For those who love a good biography, here's another one. It is well-researched and well-written by a very accomplished writer and translator, Damion Searls. The book is not only a comprehensive portrait of Hermann Rorschach, but a history of a slice of culture as well with a focus on Rorschach's inkblot tests. This is a compelling read and I expect it could also become a compelling movie if taken on by Hollywood. The subject matter is rich and the writing is rich. Enjoy!
Thursday, March 15, 2018
Wednesday, March 7, 2018
The Gatekeepers is a timely book, for sure. If you enjoy following politics, this is a must-have book. I've always been intrigued with the role of chiefs of staff simply because of their proximity to the most powerful man in the world (or what used to be the most powerful man in the world), their influence on him, and the day to day abuse they endure from all sides. Chris Whipple's research and writing are compelling and this book is captivating. I highly recommend it for policy wonks as well as those with general interest in politics - and everyone in between.
Monday, October 16, 2017
by Katy Tur
You won't believe how it ends!
This was a good book to read to basically go back and re-live the presidential campaign from a "road warrior" point of view. It's been just under a year since some Americans voted Trump into office. I was hoping Trump would have quit by now. After the shock of election night, I gave him four months. There's no way he'd last any longer. I'm still waiting.
I read the ebook version of this one. There were two word choice errors that I found - use of "pore" rather than "pour" and I can't even remember the other one, it was so benign.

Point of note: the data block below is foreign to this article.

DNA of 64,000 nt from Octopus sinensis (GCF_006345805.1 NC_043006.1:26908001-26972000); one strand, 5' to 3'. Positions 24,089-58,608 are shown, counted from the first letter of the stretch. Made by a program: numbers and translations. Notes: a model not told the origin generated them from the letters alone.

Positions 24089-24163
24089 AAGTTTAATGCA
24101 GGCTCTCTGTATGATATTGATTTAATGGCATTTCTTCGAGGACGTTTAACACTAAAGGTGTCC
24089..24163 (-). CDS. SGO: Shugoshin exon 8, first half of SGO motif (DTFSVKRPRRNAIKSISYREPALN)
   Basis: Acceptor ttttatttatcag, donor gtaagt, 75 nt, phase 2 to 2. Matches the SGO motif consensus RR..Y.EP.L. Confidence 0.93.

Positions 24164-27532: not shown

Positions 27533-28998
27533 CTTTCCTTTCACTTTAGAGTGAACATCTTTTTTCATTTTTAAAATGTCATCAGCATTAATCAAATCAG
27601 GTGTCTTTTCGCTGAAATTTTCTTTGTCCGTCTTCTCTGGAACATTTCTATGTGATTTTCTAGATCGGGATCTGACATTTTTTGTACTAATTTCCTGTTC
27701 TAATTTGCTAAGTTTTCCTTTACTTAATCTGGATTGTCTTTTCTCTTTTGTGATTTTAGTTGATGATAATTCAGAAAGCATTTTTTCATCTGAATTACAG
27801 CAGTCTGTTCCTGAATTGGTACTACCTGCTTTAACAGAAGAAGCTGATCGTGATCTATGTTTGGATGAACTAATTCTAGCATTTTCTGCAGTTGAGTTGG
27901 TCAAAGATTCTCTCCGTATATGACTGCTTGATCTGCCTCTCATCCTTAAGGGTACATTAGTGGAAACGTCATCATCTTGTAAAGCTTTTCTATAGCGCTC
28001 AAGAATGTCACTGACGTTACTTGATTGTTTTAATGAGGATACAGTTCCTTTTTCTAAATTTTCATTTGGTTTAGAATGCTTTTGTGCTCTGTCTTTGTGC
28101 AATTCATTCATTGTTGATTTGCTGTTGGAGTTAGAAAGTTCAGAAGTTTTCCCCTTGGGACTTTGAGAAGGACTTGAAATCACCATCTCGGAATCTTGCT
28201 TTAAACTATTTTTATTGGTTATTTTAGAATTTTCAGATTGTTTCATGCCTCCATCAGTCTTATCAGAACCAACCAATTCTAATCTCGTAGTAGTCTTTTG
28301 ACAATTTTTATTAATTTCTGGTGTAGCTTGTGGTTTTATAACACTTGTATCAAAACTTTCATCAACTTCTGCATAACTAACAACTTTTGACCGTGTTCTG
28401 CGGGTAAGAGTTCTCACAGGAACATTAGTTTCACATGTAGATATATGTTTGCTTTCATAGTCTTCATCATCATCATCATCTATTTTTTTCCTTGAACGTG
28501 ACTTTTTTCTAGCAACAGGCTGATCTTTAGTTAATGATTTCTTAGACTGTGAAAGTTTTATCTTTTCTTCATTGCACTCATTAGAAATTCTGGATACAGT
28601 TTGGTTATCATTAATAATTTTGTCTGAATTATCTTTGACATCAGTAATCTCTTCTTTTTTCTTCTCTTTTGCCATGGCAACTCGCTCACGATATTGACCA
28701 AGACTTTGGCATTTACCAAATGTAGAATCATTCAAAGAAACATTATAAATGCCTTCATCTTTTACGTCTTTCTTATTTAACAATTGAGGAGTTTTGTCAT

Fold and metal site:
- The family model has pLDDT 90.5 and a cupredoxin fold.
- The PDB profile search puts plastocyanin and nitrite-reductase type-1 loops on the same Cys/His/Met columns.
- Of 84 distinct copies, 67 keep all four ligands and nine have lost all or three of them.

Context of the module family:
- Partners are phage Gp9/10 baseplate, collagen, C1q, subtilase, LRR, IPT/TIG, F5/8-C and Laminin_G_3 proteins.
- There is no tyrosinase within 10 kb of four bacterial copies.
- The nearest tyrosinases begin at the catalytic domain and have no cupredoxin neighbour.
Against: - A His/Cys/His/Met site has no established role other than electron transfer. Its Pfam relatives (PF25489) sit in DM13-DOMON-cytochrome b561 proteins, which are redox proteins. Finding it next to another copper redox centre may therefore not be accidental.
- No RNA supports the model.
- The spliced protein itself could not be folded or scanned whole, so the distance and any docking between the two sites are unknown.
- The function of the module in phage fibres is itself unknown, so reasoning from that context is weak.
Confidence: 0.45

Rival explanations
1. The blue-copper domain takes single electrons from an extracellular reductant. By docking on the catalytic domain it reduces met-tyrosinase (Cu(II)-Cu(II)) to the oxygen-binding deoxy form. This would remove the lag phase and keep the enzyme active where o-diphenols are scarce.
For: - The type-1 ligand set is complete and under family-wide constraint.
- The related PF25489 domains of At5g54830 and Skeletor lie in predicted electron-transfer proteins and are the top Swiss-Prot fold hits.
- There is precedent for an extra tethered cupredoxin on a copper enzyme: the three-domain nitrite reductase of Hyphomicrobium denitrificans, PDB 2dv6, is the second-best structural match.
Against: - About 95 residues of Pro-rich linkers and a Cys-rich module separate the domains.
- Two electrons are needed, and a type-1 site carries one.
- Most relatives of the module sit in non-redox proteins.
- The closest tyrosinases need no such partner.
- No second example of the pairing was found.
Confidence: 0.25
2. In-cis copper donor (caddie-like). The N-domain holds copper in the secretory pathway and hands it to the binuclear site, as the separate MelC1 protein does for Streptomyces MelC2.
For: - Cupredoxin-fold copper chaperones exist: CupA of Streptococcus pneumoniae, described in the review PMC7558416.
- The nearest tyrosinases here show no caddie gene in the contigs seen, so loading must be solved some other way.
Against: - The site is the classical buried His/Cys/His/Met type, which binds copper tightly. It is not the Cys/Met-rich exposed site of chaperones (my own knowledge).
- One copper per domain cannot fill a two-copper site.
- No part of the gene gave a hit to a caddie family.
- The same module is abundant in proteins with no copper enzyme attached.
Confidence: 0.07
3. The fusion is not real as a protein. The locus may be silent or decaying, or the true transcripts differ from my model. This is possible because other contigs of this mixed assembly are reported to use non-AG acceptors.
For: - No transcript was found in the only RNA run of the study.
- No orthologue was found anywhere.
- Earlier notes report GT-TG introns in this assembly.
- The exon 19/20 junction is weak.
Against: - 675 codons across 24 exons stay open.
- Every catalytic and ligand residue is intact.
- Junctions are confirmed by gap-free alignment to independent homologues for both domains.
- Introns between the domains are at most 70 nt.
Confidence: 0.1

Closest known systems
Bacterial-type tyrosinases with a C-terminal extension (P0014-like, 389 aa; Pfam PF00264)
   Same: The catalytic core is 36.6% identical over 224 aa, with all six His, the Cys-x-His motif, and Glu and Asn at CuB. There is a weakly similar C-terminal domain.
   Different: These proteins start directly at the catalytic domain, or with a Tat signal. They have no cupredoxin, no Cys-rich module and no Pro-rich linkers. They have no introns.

Tur's writing style is easy to read and comprehend but I do wish she'd have kept the political stuff in chronological order instead of jumping back and forth to election night. That jumping back and forth seemed more like a writing gimmick than a necessity for the sake of the narrative.
I was able to recognize most of the public situations covered in the book because I've basically been an NBC/MSNBC junkie for the past year and a half or so. I'm one of those people who - if I ever run into Katy Tur, I would expect her to know who I am - as if she could see me through the television watching all of her (and her colleagues) coverage.
If you follow MSNBC or NBC news outlets and/or followed Katy Tur's reporting during the campaign, you'll probably enjoy this memoir of such a short time ago. If you've never heard of Katy Tur (where have you been??) but like politics and current events, I recommend this book. For me, it was a windup for "What Happened" by Hillary Clinton.
Buy it here:
Wednesday, March 29, 2017
I'd seen Ron Fournier on a few different news shows that weren't promotional spots for him but they did mention this book so I was curious. I'm glad I followed through. LOVE THAT BOY is a thought provoking family story whereby the autistic son teaches the father. It is a joy to read - honestly whether you're a parent or not. I think ANY parent should read this book and most non-parents should as well. It's a book about humanity and growth. You'll want to read it again.
Buy LOVE THAT BOY.
Buy LOVE THAT BOY.
Friday, February 24, 2017
February 24, 2017. The second of weekly protests until Alabama's Senator Shelby holds a town hall meeting for his constituents instead of only meeting with his business friend donors.
Sunday, July 3, 2016
Understanding Exposure, How to Shoot Great Photographs with Any Camera, Fourth Edition, by Bryan Peterson – A Review
I started taking photographs 40 years ago and while I am not a professional photographer, I did sell a few shots and I had a month-long exhibit at one point. I didn't make the transition to digital photography so I quit shooting for over a decade. When I finally began shooting digital photography last year, I decided to actually re-learn what I was doing. I took a comprehensive photography course for the first time in my life. It was my good fortune to get a review copy of Bryan Peterson's book during the time I was learning about photography in the classroom setting. Being able to read his book during that time truly enhanced my photography education.